Every now and then you hear about large botnets attacking websites or certain IPs. Today a hackattempt was done with an extended script
being the perfect example of such a botnet.The script opens a connection to an IRC server and joins a 'secreta' channel with key. In the channel will be one or more users operating the bot and several other drones.The danger of such scripts is, obviously, somebody looking at them and locating the channel and key of the botnet. IRCops tend to have a negative disposition towards botnets on their network. They also posses extended logs of what happened and who did it as well as who was the victem. In short, your botnet is as easily lost as it came.A temporary solution for this is an obfuscated script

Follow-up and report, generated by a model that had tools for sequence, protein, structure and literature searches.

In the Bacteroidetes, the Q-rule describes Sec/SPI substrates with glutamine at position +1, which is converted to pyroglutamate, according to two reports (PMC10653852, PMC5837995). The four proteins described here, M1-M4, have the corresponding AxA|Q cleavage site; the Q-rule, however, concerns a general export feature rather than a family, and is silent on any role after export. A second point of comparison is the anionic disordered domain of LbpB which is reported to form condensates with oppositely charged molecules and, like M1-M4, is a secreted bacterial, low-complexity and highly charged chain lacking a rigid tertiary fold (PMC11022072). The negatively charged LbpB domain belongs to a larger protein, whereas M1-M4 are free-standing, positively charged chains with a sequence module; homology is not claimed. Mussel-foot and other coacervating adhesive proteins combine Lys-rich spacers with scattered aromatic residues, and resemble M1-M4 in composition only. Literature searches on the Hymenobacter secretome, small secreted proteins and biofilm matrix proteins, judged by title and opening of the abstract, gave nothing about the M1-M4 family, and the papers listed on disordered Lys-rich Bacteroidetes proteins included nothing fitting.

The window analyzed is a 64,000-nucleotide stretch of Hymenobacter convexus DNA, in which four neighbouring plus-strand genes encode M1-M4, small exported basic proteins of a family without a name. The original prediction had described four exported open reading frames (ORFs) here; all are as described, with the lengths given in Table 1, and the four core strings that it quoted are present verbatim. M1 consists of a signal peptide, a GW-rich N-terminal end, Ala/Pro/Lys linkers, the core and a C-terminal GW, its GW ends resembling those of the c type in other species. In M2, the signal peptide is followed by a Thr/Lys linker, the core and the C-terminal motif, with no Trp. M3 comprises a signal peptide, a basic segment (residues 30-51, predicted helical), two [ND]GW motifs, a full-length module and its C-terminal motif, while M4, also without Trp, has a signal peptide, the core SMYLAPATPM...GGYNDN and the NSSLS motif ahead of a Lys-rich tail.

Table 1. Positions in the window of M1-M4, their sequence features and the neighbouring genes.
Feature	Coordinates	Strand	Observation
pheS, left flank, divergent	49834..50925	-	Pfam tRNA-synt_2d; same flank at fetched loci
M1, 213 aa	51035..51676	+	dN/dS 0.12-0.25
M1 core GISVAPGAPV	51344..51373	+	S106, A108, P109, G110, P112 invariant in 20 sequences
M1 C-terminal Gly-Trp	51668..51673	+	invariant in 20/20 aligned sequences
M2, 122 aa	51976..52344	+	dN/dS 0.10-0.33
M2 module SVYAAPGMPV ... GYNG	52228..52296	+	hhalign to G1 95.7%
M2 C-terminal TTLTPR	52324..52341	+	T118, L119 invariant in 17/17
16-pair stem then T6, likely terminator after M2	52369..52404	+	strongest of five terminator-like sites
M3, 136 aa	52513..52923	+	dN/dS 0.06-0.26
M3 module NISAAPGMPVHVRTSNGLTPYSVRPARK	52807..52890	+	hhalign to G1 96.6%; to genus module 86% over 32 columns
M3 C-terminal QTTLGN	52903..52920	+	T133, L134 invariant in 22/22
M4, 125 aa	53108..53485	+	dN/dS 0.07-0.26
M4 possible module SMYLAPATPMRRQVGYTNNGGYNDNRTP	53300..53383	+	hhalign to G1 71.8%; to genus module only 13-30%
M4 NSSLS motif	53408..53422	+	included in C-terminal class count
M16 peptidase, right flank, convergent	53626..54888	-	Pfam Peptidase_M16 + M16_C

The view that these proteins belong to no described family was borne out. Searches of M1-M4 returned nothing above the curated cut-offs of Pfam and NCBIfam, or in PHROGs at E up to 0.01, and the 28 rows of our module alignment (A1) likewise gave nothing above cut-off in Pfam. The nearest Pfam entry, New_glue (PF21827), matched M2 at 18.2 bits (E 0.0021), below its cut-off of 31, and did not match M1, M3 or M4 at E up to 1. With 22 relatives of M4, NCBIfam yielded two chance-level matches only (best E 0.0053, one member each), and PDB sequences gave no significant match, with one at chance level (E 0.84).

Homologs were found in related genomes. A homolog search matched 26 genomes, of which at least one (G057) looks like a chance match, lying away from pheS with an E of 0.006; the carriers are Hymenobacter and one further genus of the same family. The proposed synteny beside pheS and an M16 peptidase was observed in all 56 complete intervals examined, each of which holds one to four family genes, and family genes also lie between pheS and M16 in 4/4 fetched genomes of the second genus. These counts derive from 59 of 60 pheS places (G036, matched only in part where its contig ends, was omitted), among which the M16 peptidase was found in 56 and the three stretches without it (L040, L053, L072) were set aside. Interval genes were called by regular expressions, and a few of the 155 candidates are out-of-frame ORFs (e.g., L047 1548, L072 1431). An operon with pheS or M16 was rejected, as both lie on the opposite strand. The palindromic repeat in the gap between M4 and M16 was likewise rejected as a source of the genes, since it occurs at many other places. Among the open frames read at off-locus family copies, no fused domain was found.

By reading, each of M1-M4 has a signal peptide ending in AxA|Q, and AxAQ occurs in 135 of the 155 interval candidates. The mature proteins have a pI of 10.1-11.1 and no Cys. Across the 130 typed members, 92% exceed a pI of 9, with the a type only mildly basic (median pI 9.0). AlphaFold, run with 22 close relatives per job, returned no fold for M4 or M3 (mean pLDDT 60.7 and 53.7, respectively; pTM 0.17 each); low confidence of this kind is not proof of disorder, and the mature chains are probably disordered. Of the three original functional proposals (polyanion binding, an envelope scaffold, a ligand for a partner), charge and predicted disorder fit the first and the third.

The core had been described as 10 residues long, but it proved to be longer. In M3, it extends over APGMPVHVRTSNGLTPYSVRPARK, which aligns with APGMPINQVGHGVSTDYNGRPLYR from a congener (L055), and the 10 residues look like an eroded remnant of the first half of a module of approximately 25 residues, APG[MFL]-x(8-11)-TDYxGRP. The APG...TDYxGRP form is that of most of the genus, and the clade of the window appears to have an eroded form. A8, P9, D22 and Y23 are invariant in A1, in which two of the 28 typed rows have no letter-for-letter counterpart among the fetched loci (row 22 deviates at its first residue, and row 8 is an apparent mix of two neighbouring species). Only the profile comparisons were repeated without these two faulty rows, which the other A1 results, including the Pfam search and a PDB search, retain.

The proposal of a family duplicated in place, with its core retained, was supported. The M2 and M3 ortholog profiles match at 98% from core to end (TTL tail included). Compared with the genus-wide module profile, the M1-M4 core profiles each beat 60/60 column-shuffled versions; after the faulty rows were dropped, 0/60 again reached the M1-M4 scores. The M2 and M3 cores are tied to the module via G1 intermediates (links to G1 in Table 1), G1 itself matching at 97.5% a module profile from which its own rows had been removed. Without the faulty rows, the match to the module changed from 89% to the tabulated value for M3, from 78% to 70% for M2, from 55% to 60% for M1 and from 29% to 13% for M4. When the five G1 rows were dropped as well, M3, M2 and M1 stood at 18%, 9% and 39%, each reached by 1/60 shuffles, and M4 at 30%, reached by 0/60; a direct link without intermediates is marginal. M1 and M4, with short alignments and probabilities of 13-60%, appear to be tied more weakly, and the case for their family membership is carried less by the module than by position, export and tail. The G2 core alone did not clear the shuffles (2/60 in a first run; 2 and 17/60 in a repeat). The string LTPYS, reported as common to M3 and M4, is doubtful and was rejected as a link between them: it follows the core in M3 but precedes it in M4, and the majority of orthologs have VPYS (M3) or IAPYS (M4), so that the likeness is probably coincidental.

. All functions and string-literals are encoded using a simple algorithm. Of course since the drone can decypher them, so can you. It just takes some more time.Haven't seen them in a long time...-- editI've deciphered the last script, was fun to do. It comes down to an extended IRC script, same concept as the first script. All strings were encoded, important data was encrypted. In case you want to take a look:Servers: we3nlethland.weedns.com, pmununvbernum.weedns.com, webnlhttp0x0.weedns.com, ns10.optus.nu, ns11.optus.nu, ns12.optus.nu, ns13.optus.nu, h0s0s00we0r0w0w.cjb.net, d0d0sjsdjkjkl2jsjkdfsdf.cjb.net, p3pweriouwer234234jkhkjhjkshda.cjb.net, 02.privserver.com, p.myfoobar.infoServer password: secretpassChannel: ##pChannelkey: md5hashBot password: xRequired host: *.av (required if you want to control a bot, impossible tld, probably oper host)Nick: 9 letters a-z, if you're root, prefix it with r-All at your own risk!I've warned the hosts, but I'm guessing they couldn't care less about it.